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Walnut High School | 400 Pierre Rd. Walnut, Calif. 91789

the hoofprint

Walnut High School | 400 Pierre Rd. Walnut, Calif. 91789

the hoofprint

Walnut High School | 400 Pierre Rd. Walnut, Calif. 91789

Mental health resources available for students

With the start of a new school year, administration wants you to know help is always here.
Photo by Dylan Wang
Peer counseling practices on counseling through speaking activities.

The start of each school year is always a new beginning. But no matter what ‘23-’24 has in store for you, WHS administration wants to make one thing clear: “every single person matters,” grade level coordinator (GLC) Jenny Alegre said. “Students shouldn’t go through anything by themselves.”

This is why the “Need Emotional Support” button on the top left corner of the WHS website exists. Monitored during the school week by counseling staff, you can choose your preferred way of support, listed in more detail below. 

GLC Meetings

GLCs are the “support staff to the entire [WHS] community,” and they’re the first line of defense whenever a student is struggling personally or academically. 

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“We’ll meet with the kids and determine they need this level of support, then we take it from there,” Alegre said. “The relationships that students have with us are confidential, and the only time we have to tell another adult is if we feel they’re a danger to themselves or other people.”

You have been automatically assigned a GLC based on your grade level and last name, but you can reach out to any staff through whichever way of communication that’s most convenient for you.

Peer Counseling

If you feel more comfortable talking to another student, this is where peer counselors come in. Led by adviser Drew Johannsen, they are trained in productive listening, spending the first six weeks of a school year learning about psychology and practicing various counseling scenarios.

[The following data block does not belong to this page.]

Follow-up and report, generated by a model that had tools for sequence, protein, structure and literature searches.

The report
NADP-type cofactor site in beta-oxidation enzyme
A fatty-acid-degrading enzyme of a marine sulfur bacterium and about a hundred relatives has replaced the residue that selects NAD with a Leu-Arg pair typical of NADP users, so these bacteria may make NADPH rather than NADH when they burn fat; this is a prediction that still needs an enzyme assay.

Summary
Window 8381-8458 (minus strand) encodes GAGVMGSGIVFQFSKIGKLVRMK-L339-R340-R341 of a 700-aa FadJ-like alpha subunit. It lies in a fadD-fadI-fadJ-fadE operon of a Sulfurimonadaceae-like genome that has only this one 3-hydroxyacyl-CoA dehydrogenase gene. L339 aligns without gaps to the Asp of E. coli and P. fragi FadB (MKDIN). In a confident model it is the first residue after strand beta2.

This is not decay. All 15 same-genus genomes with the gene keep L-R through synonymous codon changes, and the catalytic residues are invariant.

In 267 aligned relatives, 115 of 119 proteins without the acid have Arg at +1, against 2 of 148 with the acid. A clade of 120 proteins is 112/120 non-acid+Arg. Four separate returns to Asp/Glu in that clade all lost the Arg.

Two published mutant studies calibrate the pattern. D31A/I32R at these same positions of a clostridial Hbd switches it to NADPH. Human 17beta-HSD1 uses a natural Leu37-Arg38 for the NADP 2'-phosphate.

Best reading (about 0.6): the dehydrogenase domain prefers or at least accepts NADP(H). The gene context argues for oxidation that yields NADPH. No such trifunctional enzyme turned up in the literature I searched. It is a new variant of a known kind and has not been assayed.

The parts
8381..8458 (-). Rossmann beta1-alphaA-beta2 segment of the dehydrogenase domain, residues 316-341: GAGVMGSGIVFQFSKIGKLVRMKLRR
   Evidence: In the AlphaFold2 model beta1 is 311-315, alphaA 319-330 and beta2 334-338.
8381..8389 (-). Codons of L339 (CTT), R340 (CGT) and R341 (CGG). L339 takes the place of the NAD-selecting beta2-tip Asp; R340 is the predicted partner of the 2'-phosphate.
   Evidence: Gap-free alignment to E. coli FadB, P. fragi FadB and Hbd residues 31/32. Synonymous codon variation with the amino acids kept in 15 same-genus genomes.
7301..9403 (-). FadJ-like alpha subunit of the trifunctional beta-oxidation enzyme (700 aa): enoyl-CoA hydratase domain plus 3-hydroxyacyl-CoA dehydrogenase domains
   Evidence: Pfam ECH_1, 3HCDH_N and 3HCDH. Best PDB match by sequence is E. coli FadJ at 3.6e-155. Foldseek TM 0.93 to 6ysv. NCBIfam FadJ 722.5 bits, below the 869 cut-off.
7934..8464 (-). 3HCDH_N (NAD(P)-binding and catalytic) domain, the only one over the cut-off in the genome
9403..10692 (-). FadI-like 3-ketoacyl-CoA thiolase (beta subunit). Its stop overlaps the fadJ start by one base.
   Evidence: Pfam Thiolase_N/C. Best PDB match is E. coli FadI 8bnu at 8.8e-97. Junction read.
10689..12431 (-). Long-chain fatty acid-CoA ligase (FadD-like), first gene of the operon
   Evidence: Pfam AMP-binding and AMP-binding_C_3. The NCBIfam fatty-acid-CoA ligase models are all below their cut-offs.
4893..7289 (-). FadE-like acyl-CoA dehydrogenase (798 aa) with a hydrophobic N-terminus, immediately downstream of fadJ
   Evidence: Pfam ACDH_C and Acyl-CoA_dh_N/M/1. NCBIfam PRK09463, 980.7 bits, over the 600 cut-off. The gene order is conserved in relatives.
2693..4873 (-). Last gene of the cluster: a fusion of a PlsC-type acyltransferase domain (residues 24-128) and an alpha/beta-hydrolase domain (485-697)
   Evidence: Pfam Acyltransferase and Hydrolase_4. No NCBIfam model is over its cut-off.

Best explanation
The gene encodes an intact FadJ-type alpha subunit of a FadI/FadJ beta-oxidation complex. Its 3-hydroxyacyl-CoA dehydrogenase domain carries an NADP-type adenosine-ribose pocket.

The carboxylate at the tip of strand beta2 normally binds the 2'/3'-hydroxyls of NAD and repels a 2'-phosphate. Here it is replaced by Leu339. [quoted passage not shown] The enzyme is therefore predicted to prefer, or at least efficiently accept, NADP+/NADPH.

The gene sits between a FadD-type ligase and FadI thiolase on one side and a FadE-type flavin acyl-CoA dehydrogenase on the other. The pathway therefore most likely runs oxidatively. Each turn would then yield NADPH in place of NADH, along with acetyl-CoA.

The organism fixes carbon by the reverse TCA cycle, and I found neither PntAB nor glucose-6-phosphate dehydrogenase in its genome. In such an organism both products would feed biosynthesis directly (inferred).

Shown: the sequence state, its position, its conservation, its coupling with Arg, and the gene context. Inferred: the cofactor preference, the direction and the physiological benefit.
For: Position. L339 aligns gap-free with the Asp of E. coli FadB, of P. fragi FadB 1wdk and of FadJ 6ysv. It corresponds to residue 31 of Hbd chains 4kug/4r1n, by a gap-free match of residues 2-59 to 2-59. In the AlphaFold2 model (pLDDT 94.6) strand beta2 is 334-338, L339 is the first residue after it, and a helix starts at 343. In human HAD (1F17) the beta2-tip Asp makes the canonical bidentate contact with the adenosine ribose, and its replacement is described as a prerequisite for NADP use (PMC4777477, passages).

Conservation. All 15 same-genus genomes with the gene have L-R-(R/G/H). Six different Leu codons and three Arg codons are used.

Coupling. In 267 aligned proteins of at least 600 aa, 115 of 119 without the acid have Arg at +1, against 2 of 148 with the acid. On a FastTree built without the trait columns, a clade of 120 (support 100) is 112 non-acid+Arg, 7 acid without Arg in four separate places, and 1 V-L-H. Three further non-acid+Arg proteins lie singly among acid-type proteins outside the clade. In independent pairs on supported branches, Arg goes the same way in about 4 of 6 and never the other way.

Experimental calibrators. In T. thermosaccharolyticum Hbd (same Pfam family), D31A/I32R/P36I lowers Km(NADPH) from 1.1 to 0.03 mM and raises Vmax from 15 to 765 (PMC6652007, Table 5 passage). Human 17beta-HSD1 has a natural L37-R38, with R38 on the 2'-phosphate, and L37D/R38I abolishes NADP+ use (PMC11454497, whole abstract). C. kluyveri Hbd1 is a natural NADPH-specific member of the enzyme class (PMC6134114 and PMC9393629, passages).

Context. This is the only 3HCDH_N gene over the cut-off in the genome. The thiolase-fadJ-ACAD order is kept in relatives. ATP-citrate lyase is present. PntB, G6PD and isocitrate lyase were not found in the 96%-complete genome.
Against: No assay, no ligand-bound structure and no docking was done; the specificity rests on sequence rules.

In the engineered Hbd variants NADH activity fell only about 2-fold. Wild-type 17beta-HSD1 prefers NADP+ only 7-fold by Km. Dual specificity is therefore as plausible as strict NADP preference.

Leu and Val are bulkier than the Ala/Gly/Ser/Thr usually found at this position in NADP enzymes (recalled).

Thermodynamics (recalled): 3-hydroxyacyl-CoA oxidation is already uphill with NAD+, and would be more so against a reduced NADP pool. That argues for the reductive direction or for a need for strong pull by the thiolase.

“There are times you don’t want to talk to an adult [or] a friend, who might try to fix it or give you a bunch of advice you don’t want,” Johannsen said. “It’s nice knowing you can go to somebody who you can tell whatever you need to say. You don’t have to worry if they’re judging you — they’re just listening and helping you process it.”

You can reach peer counseling by filling out the “Need Emotional Support” form, in addition to talking to any teacher, GLC or peer counselor. You can also stop by The Stable (room E-19), where peer counseling sessions take place. 

Care Solace

Free to all WVUSD students and families and available 24/7, Care Solace is a third-party service that connects you to local mental health providers based on your needs and availability. The matching process has 10 questions that take into account your age, gender, zip code, insurance information — though you don’t need insurance to participate — and any special requests. 

“We try to have different avenues of emotional support because every kid is different,” principal Ryan Maine said. “Where Care Solace came in is to help students who want to seek outside help [and not during school hours].”

You can access Care Solace by following the instructions on WHS’ website, though you can always talk to a GLC to help you through the process. 

School Psychologist 

WHS has four school psychologists on campus. Though you can reach out to them directly, it’s recommended that you talk to your GLC first because they are trained in initial response, whereas school psychologists have more specialized responsibilities. Usually, your GLC will refer you if they deem it necessary.

“Mental health support is very much here at WHS but the school psychologist is not the only person on campus that provides that support,” school psychologist Jena Muhr said. “We all want the same thing: for our students to succeed and to do their personal best.”

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Cathy Li, Print editor-in-chief
Hi everyone, my name is Cathy Li and I’m in the 12th grade, serving as your Print editor-in-chief. Though I blame Pubs for my irrationally strong hatred of Oxford commas and at least 23% of my stress-induced breakouts, I wouldn’t trade journalism for the world. I’m glad to have found an avenue in which my natural nosiness is celebrated.
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